Collaging by CHITO 
April 29 - June 4
For some, the symbolic qualities of fences as limits or security act as an invitation towards transgression. Such has been the case for American visual artist and designer, Chito (1996), whose prolific oeuvre is threaded by a series of leitmotifs: a cast of characters, often airbrushed onto various surfaces, embody and typify the recurring themes of his idiosyncratic work. In Chito’s latest solo exhibition, Collaging, 17 pieces show “materials collected from life” — designer goods like an Hermès silk scarf or Comme des Garçons fabric — interacting with rectangular metal frames of fencing. Likewise, a pair of aluminum suitcases, usually emblems of sophistication, lay haphazardly on the gallery’s floor. All pieces have been intervened by the artist’s airbrush and spray can, thus becoming graphic or textual communiqués. Initially intended as symbols of status and luxury, the items on display instead become vehicles for messages about the contemporary condition; allusions to Chito’s nomadic life experience as well as references to our collective values. The fabrics are precariously twisted and overlaid onto fencing, a decision which is both suggestive of the materials’ previous veneer of unattainability, and of the power of being able to see through symbolic barriers. The luggage represents the damage we accrue through time and movement. By desecrating their purported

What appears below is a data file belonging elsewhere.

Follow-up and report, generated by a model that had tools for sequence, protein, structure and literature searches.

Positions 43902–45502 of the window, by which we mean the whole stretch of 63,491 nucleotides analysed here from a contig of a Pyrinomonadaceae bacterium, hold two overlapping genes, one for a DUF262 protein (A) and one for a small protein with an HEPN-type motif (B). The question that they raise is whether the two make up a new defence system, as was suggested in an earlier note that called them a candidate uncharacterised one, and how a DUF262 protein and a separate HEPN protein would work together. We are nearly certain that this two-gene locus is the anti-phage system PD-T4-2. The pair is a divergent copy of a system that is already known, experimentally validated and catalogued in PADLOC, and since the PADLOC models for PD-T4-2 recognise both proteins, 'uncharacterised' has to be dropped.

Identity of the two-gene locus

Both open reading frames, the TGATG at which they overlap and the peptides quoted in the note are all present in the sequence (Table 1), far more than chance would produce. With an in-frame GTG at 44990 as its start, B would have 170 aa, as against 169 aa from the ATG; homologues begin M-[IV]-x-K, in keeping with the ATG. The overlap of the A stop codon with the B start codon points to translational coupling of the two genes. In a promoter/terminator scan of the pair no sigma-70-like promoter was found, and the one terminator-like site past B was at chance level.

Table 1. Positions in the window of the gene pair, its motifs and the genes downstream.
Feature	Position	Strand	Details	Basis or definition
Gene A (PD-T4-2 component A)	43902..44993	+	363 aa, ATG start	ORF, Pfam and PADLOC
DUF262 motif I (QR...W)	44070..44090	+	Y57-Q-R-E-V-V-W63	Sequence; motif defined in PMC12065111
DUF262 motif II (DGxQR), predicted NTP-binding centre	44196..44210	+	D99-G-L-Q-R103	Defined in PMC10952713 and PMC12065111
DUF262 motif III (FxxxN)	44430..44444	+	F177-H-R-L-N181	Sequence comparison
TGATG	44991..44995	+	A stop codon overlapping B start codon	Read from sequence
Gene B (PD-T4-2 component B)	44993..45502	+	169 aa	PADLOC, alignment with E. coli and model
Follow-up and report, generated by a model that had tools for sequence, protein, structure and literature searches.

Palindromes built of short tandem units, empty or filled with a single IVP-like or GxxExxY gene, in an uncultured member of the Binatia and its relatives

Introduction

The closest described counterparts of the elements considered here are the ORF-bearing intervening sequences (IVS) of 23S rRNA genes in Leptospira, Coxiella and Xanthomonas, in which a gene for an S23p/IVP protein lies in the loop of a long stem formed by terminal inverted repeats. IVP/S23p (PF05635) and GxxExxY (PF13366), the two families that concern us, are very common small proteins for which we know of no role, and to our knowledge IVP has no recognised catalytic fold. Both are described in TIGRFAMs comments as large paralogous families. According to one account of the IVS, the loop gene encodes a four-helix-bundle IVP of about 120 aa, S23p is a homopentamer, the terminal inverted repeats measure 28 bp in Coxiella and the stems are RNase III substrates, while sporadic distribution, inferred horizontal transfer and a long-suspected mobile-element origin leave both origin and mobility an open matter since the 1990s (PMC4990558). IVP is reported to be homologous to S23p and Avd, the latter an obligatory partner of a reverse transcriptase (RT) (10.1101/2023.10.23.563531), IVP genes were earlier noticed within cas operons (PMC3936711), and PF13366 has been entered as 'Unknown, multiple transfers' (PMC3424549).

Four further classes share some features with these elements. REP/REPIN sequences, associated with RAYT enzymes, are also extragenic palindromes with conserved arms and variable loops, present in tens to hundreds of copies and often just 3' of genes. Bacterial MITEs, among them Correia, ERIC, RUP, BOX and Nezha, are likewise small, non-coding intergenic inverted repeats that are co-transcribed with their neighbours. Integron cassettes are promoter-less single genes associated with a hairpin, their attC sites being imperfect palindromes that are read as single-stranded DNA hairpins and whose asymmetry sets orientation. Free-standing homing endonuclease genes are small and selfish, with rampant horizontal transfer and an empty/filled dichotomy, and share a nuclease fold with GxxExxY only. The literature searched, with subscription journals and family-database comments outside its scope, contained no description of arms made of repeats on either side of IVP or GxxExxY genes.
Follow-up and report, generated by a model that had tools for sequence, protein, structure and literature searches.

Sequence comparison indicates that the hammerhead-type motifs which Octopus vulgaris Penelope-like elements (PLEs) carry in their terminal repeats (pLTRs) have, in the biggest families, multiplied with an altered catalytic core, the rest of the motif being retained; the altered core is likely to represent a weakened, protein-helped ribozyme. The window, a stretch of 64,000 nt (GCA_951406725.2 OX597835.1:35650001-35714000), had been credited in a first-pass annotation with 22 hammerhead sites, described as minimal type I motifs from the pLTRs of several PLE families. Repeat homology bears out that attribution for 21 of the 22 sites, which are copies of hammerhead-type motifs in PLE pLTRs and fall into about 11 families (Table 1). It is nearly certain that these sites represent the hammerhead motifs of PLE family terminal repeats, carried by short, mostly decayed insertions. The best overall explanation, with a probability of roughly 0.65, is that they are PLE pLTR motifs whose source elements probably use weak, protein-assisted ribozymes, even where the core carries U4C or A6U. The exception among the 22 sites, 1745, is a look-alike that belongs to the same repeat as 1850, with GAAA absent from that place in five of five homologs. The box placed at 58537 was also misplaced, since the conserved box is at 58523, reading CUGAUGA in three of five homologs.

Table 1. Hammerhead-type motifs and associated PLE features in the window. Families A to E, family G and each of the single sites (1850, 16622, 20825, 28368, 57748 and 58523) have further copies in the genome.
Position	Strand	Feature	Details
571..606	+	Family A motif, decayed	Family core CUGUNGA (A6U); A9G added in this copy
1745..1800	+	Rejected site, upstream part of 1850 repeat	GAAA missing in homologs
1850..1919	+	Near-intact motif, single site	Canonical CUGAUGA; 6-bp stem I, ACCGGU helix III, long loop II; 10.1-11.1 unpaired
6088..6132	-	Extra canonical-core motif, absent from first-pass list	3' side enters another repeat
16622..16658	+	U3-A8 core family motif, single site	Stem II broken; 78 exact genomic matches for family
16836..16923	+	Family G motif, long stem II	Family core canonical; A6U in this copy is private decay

worth, Chito points to the absurdity of our desires. 

The narratives presented in Collaging coexist in opposition to each other, a tension which lends the pieces the quality of questions, even — or perhaps especially — when they frame themselves as statements. Regarding the exhibition, Chito describes “grimy kawaii characters” and objects that are “cute but sturdy.” It seems to be the natural progression of his career, which has seen him engrossed by strange dichotomies, and the places and objects that can function as vessels for unexpected revelations.